When developer Jim Abdo bought an office building at 14th St and Rhode Island Avenue, Northwest, crack dealers were camped in the basement. Four months later he occupied the top floor, and an importer had set up shop below. Abdo, 39, is one of a new breed of developers venturing eastr into shaw and other traditionally black neighborhoods.At 10 in the morning the corner of14th Street and Rhode Island Avenue in the heart of the District is humming. The check-cashing joint is doing a brisk business; the Barrel House liquor store is serving early patrons; a cop husties a homeless man from an alley. It appears to be the remnants of the 14th street that burned in the 1968 riots, searing into the minds of people around the world that the nation's capital is a poor and dangerous place. But appearances can be deceiving.
Quiet but steady redevelopment has leapfrogged the riot corridor, brought wealth and white settlers east, and transformed the area.
"Fourteenth Street is the sleeping giant," says Jim Abdo, a young developer who's turn ing rundown historic structures into luxury dwellings.
"Just three years ago the line in the sand for people moving back to the city was 16th Street. Now they're as far east as 12th Street and beyond."
Halfway down the leafy block of Rhode Island, a black Rolls-Royce is parked in front ofa 19th century rowhouse as well appointed as any in Georgetown. Fresh Fields, the upscale super market, is building a store a block west on P Street. On Logan Circle to the east, once a haunt for hookers and home to urban pioneers, young telecommunications executives are paying $500,000 for penthouse condominiums in restored mansions.
The District is in the midst of a makeover- economically, socially, and politically. And racially.
For more than 30 years, because its population was predominantly black, DC has been known by some of its residents as Chocolate City. Rock Creek was the moat that separated whites on the west and blacks on the east. Anacostia in South east was poor and black. Shaw, a storied neigh borhood in the heart of the city, was crime-ridden.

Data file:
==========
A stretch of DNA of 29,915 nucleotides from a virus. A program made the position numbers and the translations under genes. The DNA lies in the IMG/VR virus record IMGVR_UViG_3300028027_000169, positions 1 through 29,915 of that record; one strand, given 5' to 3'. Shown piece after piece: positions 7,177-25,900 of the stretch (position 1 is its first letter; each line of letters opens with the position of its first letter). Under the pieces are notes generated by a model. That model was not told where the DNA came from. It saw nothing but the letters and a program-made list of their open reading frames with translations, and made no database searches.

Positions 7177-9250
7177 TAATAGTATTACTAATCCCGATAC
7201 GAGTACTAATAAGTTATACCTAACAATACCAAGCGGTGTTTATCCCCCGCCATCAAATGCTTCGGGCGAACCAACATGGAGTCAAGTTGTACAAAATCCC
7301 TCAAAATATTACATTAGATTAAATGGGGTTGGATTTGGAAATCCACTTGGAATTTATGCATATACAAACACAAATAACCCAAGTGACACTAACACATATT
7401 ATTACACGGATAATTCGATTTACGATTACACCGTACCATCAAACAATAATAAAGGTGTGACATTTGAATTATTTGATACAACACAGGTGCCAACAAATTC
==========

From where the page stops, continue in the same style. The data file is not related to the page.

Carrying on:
Now neighborhoods across DC have become more integrated. More middle-class residents, fewer poor people, and more whites, especially gays, are settling in what were largely black neighborhoods-in some areas forcing out longtime residents.
"Some people are calling Shaw "Dupont Circle East" and Anacostia "Capitol Hill South," says Maybelle Taylor Bennett, a DC native and director of Howard Univer sity's Community Association.
"It's scaring the bejesus out of some folks."
Young urban professionals and older couples whose children have grown and left home are moving into downtown neighborhoods where they can walk to the corner store and the neighborhood theater. This move back to the urban core mirrors migrations across the country-people are moving back to Harlem, into Oakland.
"Why would you sit out on the Beltway if you could live in a beautiful house in Co lumbia Heights?" asks Mary Farrell, a mem ber of DC's Citizens Planning Coalition.
"More and more people are catching on."
Whether these demographic changes will make a dent in the city's hard-core problems of high crime and troubled public education remains to be seen, but one change seems clear: DC is becoming less segregated.
"Washington has always been a city with dividing lines," says Dorothy Brizill, a political scientist and community activist. "There are no more real dividing lines.
The dividing line now will be "Can you af ford it?" Not "Are you the right color?"
excerpt from "Mocha Town" in Washingtonian Nov. 1999